A preliminary investigation of New Zealand isolates of Pasteurella multocida

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Pasteurella multocida is part of the nasal flora of many animal species but is also an important pathogen of domestic animals including swine, sheep, cattle, rabbits, dogs and fowl. The invasiveness of the organism depends to a large extent on its possession of capsular material which may be a non-antigenic or an antigenic polysaccharide of which there are three main types: A, B and D. We describe a medium for isolating P. multocida based on the selective medium of Smith and Baskerville. Some P. multocida isolates obtained by using selective or non-selective media were then examined to establish their serotype, the presence or absence of plasmids which may carry antibiotic resistance markers and the presence or absence of toxin production. The medium of Smith and Baskervilleis composed of nutrient agar at an alkaline pH and contains bacitracin…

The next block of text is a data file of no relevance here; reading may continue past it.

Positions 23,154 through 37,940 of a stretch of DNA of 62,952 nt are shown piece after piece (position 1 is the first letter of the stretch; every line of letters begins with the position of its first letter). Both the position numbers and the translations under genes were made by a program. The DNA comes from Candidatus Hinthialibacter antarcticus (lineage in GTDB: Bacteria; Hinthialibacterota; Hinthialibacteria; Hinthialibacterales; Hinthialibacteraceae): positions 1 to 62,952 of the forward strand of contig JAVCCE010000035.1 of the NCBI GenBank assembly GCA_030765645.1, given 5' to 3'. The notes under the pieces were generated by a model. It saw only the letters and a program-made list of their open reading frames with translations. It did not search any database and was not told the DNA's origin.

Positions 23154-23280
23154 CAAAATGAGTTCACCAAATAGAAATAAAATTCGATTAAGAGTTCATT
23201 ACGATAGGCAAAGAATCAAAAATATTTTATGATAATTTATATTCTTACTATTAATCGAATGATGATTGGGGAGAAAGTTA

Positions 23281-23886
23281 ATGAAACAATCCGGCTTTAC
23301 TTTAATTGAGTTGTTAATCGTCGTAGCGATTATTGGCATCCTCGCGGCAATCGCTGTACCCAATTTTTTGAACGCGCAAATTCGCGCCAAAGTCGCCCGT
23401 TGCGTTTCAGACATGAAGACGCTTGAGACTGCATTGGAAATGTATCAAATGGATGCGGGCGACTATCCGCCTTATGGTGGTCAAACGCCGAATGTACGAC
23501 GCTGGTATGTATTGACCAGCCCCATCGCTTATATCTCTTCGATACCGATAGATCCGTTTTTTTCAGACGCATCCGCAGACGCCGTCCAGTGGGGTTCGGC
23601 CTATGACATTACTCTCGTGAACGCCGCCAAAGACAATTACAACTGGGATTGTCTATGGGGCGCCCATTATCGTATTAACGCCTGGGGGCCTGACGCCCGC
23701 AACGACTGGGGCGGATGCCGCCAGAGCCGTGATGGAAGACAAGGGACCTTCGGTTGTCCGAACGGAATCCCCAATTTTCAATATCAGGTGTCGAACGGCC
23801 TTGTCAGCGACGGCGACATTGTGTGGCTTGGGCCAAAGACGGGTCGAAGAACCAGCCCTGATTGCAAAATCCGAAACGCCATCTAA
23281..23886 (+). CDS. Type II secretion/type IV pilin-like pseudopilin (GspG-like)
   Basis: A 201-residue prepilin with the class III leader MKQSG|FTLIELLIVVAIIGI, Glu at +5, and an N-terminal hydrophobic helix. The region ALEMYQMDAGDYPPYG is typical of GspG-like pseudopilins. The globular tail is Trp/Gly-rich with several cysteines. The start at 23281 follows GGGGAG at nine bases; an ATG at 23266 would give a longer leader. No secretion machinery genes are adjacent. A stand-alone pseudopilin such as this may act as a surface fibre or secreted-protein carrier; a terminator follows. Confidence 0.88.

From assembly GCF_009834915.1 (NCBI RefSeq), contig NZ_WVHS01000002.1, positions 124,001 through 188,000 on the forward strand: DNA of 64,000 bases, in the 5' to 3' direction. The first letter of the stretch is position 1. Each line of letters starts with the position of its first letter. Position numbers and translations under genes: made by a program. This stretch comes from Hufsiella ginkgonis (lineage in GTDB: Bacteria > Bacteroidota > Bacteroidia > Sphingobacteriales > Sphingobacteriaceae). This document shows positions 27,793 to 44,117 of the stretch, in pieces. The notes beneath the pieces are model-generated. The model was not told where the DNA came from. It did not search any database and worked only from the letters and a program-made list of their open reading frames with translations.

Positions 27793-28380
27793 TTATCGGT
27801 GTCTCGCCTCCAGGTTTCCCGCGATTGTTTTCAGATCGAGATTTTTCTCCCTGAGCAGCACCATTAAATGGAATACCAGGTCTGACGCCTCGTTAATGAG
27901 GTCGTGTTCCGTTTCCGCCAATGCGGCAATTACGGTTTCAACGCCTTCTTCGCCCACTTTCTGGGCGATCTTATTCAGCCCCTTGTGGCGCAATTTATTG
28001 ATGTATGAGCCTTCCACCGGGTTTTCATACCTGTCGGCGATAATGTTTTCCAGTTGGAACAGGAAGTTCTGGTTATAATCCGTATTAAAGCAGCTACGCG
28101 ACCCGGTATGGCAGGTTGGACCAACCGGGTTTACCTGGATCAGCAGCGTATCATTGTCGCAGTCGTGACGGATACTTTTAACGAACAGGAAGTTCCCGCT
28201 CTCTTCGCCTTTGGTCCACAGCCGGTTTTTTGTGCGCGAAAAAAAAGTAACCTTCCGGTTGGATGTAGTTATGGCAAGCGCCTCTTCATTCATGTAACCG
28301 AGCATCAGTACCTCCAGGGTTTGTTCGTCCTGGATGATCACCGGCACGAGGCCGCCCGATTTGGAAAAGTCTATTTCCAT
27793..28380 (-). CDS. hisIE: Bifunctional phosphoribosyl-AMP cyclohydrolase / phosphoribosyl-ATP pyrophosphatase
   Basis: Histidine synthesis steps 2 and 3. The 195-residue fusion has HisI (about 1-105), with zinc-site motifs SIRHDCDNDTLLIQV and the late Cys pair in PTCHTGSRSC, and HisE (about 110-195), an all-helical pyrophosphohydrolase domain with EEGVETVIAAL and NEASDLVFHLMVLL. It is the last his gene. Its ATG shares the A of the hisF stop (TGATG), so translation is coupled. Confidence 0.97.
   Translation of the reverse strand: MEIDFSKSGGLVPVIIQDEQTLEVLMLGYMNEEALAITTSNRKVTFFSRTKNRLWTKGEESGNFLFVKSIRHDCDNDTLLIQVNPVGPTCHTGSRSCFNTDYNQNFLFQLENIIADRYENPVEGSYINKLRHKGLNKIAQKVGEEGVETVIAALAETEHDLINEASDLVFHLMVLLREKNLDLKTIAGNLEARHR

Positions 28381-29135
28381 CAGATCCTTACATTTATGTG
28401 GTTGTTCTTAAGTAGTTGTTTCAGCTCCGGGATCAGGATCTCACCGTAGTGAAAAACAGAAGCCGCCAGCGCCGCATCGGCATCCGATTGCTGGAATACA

Keywords: Diagnostic procedures; Livestock; Pasteurella; Species description

Document Type: Regular Paper

Publication date: September 1, 1988

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